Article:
Introduction: Cubiks Rubes! - How to Design Your Own 3D Printable Rubiks Puzzles.

Rubiks and other branded magic cubes have been around for years and are available in hundreds of different and incredibly interesting variations. However, they all still (mostly) follow the same principle and in this instructable I will show you how you can design your very own Rubiks cube (using Tinkercad) of any variety for 3D printing or the sheer satisfaction of having designed it.

I'm first going to walk through making a cube specifically and then in less detail look at a few other variants you can make leaving the more complicated shapes to someone who uses a CAD program more friendly to order-n symmetry than my native Tinkercad (before some kind natured person makes a suggestion on CAD I'm planning to get into fusion 360 ;) ).


3D printer or access to one if you want to print it out.

Step 1: Step 1 - Splitting Your Cube and Hollowing It Out:

First you need to split the cube into the segments you want to move on the completed cube (mine are all 20mm by 20mm by 20mm). Here they're equal but you may want to shift it so you have lengths of 30mm-20mm-10mm on the edges.

Next you need to take a sphere and position it inside the segments you now have so that it ideally slips into them all a bit and entirely covers the center piece (mine is 40mm). You then make it a hole and remove it from the segments. You now have the outer segments in a position that they can rotate freely in all directions with the sphere remaining central.

Step 2: Step 2 - Segmenting the Sphere:

Now that you have the exterior pieces you need to make the interior pieces which will replace the sphere. I've started by splitting a cube with a side length equal to the sphere's diameter (40mm) and splitting it into cubes and cuboids of 10mm and 15mm edges.

I then transferred those cut lines onto the sphere so that it became 27 pieces and then removed the center of the cube and the centers of the (once square) faces bringing the piece count down to 20.

Step 3: Step 3 - Attaching the Inner and Outer Segments:

Now that we have the inner and outer segments for the edges and corners (I'm holding onto the centers for step 4 so if you're impatient skip ahead) we connect the corresponding inner and outer segments so that you end up with something similar to the image where the edges will hold the corners in place and the centers will hold the edges in place.

Step 4: Step 4 - Making the Central Assembly:

This is the key assembly which holds everything in place and keeps it from falling apart.

You first need to make some central cylindrical pieces which correspond to the central measurement from step 2 as these cylinders will replace the cuboids which originally went in the centers.

The cylinders will then need hollowing out so that you can run an elastic connector through from the two opposite central pieces. You can then attach part of the cylinder to one of the central pieces and leave the rest as a piece that fits inside your original center of the whole cube (20mm by 20mm by 20mm in my case).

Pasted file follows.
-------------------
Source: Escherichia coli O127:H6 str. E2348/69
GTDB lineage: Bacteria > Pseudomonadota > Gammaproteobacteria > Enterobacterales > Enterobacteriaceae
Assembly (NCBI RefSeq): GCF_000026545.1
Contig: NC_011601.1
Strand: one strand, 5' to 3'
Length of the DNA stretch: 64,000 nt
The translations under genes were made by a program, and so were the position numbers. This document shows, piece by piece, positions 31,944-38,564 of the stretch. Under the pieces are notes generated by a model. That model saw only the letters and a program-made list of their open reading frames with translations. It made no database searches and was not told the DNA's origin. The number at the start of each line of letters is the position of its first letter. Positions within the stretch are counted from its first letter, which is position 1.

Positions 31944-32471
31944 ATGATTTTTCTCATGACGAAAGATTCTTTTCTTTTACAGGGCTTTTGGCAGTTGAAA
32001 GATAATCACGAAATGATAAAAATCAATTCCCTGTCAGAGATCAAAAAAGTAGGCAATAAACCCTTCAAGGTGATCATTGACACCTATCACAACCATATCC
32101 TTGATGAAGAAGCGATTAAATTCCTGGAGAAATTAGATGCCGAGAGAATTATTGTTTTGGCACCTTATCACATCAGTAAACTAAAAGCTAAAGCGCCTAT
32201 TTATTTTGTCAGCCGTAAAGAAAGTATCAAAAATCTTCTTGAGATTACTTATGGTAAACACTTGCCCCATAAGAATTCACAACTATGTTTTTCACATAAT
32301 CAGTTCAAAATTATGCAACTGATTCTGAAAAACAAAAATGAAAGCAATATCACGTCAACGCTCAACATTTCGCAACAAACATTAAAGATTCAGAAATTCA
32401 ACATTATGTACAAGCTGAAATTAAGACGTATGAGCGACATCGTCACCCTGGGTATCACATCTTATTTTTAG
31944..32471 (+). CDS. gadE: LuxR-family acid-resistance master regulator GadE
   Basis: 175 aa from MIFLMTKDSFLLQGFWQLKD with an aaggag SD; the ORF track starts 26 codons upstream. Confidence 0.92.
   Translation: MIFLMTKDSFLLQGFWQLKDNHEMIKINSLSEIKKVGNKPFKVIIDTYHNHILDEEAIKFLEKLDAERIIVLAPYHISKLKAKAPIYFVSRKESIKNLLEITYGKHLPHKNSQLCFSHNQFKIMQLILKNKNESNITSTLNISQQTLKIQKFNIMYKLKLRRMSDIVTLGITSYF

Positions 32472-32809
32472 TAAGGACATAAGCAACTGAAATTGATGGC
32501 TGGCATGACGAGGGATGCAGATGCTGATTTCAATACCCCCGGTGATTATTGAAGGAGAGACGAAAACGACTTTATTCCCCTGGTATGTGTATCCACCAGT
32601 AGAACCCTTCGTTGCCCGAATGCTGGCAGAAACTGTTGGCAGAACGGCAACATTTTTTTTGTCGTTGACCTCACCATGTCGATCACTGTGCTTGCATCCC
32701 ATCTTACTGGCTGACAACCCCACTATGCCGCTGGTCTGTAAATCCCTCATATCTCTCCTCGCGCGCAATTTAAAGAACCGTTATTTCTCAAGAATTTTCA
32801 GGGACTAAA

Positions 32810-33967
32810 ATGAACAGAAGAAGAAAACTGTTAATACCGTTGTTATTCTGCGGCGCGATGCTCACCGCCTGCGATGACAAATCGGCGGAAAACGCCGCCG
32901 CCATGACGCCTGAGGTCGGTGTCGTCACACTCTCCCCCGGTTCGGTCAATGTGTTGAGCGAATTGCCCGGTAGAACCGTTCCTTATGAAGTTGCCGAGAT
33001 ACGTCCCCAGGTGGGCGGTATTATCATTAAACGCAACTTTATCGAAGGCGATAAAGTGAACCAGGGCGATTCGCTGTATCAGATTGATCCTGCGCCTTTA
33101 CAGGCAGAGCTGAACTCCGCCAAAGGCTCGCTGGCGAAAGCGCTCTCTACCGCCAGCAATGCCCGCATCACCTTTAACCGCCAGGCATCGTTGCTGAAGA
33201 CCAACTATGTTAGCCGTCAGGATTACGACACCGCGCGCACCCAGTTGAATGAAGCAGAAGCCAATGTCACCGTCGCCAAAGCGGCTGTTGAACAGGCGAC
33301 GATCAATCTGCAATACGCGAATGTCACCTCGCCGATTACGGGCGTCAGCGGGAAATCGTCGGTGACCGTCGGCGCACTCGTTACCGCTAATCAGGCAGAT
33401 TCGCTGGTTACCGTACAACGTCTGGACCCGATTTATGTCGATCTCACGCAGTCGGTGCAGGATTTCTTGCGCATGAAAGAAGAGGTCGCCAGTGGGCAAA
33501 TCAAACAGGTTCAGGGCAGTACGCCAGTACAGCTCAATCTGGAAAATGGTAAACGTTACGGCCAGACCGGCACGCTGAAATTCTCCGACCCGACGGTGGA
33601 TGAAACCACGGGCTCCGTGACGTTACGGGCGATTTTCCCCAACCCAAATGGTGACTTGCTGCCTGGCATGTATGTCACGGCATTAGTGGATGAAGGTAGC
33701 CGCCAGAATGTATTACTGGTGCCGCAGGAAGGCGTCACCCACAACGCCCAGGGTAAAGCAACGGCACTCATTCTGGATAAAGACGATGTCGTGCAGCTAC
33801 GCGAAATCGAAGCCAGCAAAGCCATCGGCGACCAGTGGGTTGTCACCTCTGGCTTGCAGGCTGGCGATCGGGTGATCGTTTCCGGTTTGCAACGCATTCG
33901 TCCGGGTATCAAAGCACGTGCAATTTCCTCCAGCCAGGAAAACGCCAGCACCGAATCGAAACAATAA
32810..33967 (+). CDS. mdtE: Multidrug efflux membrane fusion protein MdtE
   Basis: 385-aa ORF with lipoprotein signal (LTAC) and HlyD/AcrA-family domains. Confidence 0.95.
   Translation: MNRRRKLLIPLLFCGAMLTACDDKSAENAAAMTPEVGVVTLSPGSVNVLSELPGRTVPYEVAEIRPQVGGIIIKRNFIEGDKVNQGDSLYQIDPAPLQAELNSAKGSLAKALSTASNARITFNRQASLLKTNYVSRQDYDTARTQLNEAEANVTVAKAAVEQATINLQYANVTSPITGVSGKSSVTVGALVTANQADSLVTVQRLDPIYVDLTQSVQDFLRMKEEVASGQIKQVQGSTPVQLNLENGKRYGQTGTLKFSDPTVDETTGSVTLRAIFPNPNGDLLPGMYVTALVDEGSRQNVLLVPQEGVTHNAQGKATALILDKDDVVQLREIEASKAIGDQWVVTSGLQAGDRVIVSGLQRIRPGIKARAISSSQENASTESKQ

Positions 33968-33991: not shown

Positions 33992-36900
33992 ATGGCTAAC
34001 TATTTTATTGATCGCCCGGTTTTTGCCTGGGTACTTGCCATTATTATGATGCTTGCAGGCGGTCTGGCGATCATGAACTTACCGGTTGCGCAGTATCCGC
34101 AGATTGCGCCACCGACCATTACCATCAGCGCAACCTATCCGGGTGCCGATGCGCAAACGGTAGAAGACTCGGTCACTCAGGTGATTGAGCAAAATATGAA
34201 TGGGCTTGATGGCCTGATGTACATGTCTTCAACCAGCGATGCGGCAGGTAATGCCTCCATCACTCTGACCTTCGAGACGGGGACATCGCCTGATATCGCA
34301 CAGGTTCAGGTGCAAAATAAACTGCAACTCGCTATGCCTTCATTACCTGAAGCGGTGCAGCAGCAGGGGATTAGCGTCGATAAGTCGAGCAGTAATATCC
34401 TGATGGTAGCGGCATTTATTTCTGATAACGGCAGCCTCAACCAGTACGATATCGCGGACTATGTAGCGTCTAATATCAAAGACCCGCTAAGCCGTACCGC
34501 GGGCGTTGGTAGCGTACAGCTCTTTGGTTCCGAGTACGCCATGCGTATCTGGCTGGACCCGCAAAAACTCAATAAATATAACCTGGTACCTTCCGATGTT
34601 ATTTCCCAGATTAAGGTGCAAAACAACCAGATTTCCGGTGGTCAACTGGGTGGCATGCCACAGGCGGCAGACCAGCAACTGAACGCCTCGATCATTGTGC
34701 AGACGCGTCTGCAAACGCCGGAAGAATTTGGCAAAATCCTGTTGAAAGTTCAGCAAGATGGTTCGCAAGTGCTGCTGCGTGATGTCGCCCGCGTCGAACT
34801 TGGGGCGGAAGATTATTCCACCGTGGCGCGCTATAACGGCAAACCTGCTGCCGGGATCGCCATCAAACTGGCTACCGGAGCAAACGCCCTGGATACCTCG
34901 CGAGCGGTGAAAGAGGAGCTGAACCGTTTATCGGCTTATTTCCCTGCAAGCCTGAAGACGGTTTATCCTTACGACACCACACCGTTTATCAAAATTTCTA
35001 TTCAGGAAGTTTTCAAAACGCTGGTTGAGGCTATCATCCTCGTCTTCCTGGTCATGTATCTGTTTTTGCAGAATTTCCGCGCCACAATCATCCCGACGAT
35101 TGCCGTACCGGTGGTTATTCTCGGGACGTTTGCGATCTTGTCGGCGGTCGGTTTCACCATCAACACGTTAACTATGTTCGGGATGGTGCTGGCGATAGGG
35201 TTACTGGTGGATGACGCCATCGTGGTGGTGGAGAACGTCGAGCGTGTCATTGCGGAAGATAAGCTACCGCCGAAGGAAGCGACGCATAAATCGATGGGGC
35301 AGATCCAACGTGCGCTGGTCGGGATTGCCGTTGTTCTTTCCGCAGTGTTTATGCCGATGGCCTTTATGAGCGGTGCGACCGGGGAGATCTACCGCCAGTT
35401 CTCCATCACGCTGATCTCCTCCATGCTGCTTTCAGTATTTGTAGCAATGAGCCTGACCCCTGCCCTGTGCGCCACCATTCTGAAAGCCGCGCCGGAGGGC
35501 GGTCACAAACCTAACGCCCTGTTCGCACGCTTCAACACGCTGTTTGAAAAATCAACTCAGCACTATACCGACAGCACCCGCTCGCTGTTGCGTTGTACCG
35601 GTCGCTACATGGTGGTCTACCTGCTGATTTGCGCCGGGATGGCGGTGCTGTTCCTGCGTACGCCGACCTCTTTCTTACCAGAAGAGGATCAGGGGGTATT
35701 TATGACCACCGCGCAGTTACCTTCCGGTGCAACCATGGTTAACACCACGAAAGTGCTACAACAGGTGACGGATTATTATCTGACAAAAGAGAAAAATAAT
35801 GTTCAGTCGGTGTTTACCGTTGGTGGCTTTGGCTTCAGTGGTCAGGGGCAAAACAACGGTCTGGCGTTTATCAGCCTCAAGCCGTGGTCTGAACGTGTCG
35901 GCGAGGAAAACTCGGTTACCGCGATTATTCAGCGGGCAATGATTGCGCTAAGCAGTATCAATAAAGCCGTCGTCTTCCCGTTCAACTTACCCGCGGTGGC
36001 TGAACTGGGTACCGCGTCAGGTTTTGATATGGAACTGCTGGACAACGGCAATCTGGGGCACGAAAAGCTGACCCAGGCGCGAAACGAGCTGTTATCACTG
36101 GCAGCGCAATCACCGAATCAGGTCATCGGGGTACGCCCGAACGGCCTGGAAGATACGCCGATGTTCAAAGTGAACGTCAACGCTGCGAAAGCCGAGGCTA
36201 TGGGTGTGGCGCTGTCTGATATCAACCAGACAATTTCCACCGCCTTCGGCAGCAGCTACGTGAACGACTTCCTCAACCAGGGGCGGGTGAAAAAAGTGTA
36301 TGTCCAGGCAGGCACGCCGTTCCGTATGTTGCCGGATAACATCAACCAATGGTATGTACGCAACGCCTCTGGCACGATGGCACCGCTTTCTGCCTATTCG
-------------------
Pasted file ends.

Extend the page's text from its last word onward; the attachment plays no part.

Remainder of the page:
Step 5: Step 5 - Putting It All Together:

Now that you have the corners, edges and centers you can put it all together and send images to your friends whilst being smug.

If you're satisfied with this level of smugness the rest of this won't be of interest but if you want to be even more smug... ...scroll down...

Step 6: Step 6 - Making a 2x2 Cube Part 1:

For this I simply re-engineered the exterior of a 3x3 by removing the centers and edges.

I began by turning the 3x3 cube into a sphere with the same diameter as it had before then taking 8 cubes of the half the diameter each and taking out the sphere I have from the center of them.

Step 7: Step 7 - Making a 2x2 Cube Part 2:

For this you now attach the corners of the 3x3 to the appropriate 2x2 piece.

This means that the corners of the 3x3 are in essence just covering the rest of the piece and the other pieces still move under the surface.

Step 8: Step 8 - Making a Tetrahedron:

I'm not going to go into much depth with this but it follows the same lines as the cube in that you start by splitting it into the moving pieces and then adding a sphere to the center.

The first image shows the octahedral piece and how the tetrahedron locks into it and the other images show the assembled and exploded mechanism.

Step 9: Step 9 - Making an Octahedron

This is one I've only just started and you can see how I've split it up into the moving parts and in the red image taken out a sphere and begun making a system for the parts to rotate around.

Step 10: Conclusion:

Overall this is quite easy to do once you work out how to fit the outer segments to the inner ones and how they will rotate around one another.

I hope I've inspired you to try this for yourself. Show your pictures but only if they aren't better than mine ;) and as I've entered this into the 'Fandom' contest please vote for me.

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